Ports Join EU to Enhance Oceans Pledging to Reduce Stopover Emissions
The European Union is highlighting a broad range of initiatives agreed to at the closing of the three-day One Day Ocean Summit hosted by French President Emmanuel Macron in his role leading the Council of the European Union. Port authorities and stakeholders around the world joined in at the summit signing a joint commitment to reduce the environmental impact of stopovers made by container and cruise ships during their sea journeys. Other agreements focused on illegal fishing and increasing understanding of the oceans.
The declaration from the ports was led by the French Ministry of Transport and sets a new objective for promoting green maritime transport. In announcing the agreement, the organizations said that it aligns with the principle of the blue economy, which aims to make all human activities around seas, rivers, and lakes environmental-friendly and respectful of biodiversity.
Port authorities and stakeholders signed a joint commitment to reduce the environmental impact of stopovers expanding their focus which has mostly been on cruise ships and ferries to include containerships which make up a large percent of port traffic. The port authorities committed to deploying shore-side electricity supply for container and cruise ships by 2028.
The European Investment Bank announced its support for declaration and confirmed its commitment to support a low-carbon economy. EIB’s Vice-President, Ambroise Fayolle highlighted that ports play an essential role in the global connectivity of European economies and their regions. He noted that the EU has more than 300 sea-ports, which are part of the Trans-European Transport Network (TEN-T), emissions from ships at berth in EU ports represented around seven percent of CO2 emissions from maritime transport in the EU in 2020 as well as contributing to the noise in the surrounding heavily populated urban areas.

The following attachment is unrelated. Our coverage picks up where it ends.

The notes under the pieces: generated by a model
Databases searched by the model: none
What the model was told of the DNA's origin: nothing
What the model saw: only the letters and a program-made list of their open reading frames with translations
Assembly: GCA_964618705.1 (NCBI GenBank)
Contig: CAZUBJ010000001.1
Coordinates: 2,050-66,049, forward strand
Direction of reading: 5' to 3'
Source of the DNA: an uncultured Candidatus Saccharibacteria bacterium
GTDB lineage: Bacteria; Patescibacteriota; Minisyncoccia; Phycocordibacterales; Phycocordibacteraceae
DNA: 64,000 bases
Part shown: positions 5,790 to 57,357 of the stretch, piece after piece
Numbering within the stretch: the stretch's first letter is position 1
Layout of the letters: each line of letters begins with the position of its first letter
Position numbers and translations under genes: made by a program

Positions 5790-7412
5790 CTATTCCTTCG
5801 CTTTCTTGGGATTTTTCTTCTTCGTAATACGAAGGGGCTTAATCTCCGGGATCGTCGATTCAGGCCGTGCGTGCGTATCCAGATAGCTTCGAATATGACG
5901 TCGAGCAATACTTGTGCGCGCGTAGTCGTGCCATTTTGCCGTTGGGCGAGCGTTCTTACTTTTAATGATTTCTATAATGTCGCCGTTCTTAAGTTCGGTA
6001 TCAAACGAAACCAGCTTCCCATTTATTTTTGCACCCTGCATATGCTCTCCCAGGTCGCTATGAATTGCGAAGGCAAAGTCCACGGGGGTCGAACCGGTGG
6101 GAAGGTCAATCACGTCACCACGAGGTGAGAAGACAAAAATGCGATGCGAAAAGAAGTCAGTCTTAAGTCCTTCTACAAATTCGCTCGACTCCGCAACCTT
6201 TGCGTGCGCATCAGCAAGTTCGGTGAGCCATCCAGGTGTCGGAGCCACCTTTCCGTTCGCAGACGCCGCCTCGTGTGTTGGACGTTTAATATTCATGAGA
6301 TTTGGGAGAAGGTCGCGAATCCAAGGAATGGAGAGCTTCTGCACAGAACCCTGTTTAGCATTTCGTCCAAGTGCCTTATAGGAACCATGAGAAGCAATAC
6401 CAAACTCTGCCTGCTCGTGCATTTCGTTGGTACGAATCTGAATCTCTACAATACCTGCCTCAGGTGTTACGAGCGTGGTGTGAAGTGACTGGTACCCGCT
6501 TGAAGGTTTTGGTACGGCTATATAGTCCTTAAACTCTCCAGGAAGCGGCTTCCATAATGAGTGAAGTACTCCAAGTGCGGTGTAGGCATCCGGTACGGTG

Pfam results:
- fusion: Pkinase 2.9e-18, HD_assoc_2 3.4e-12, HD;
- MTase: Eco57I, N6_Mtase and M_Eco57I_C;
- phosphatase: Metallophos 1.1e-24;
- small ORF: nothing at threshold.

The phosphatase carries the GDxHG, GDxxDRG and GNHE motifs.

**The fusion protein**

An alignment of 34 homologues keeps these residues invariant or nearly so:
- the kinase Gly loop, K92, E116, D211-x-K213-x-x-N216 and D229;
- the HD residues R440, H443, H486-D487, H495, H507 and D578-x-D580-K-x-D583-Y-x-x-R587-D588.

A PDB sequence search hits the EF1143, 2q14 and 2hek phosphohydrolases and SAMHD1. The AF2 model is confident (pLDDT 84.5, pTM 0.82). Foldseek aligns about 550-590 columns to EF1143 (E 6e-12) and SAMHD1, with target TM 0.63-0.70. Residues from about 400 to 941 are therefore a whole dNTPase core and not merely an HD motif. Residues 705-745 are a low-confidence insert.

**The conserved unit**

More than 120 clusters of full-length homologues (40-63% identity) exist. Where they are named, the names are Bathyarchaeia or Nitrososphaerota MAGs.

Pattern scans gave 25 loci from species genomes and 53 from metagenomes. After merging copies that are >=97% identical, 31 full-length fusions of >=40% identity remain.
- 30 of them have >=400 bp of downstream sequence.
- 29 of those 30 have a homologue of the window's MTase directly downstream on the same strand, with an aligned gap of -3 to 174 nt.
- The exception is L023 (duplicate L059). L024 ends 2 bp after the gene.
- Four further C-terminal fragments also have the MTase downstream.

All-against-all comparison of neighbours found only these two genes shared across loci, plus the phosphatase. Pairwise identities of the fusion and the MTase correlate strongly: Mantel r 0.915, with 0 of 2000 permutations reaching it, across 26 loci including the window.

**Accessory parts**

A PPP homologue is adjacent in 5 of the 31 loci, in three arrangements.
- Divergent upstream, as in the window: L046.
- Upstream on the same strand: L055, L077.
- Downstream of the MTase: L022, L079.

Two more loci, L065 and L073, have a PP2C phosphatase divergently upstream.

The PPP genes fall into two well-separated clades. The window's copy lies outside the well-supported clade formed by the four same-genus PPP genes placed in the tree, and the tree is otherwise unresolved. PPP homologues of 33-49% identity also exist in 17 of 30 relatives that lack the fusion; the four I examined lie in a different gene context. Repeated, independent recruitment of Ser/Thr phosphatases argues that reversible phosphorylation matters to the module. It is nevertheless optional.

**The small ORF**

“In the fight against climate change, it is therefore fundamental to consider the role of ports as accelerators of ecological and energy transition and the contribution they can make to reduce global warming,” said Fayolle. “This commitment to deploy onshore electricity supply for container and cruise ships by 2028 will contribute towards reaching the targets set by the Paris Agreement and carbon neutrality at European level by 2050.”
The EU announced a range of additional agreements that came out of the conference as well as the formation of a coalition that will contribute to the ongoing negotiations on a Treaty of the High Seas currently being discussed at the United Nations. The goal is to have the treaty finalized and ratified in June 2022. Leaders will again meet in June in Lisbon at the U.N. Ocean Conference.
The nations attending the summit joined with the EU with commitments to expand their efforts to stop illegal fishing. They highlighted that illegal fishing is estimated to account for about one-fifth of fishing globally saying they would focus on ports and at sea creating better controls to stop the practice. Other agreements focused on stopping plastic pollution in the world’s oceans, a digital effort to model the oceans, and an expanding mapping to reach at least 80 percent of the world’s seabed by 2030 to help improve scientific knowledge. The EU will also work to enhance ocean literacy by education and investing in research.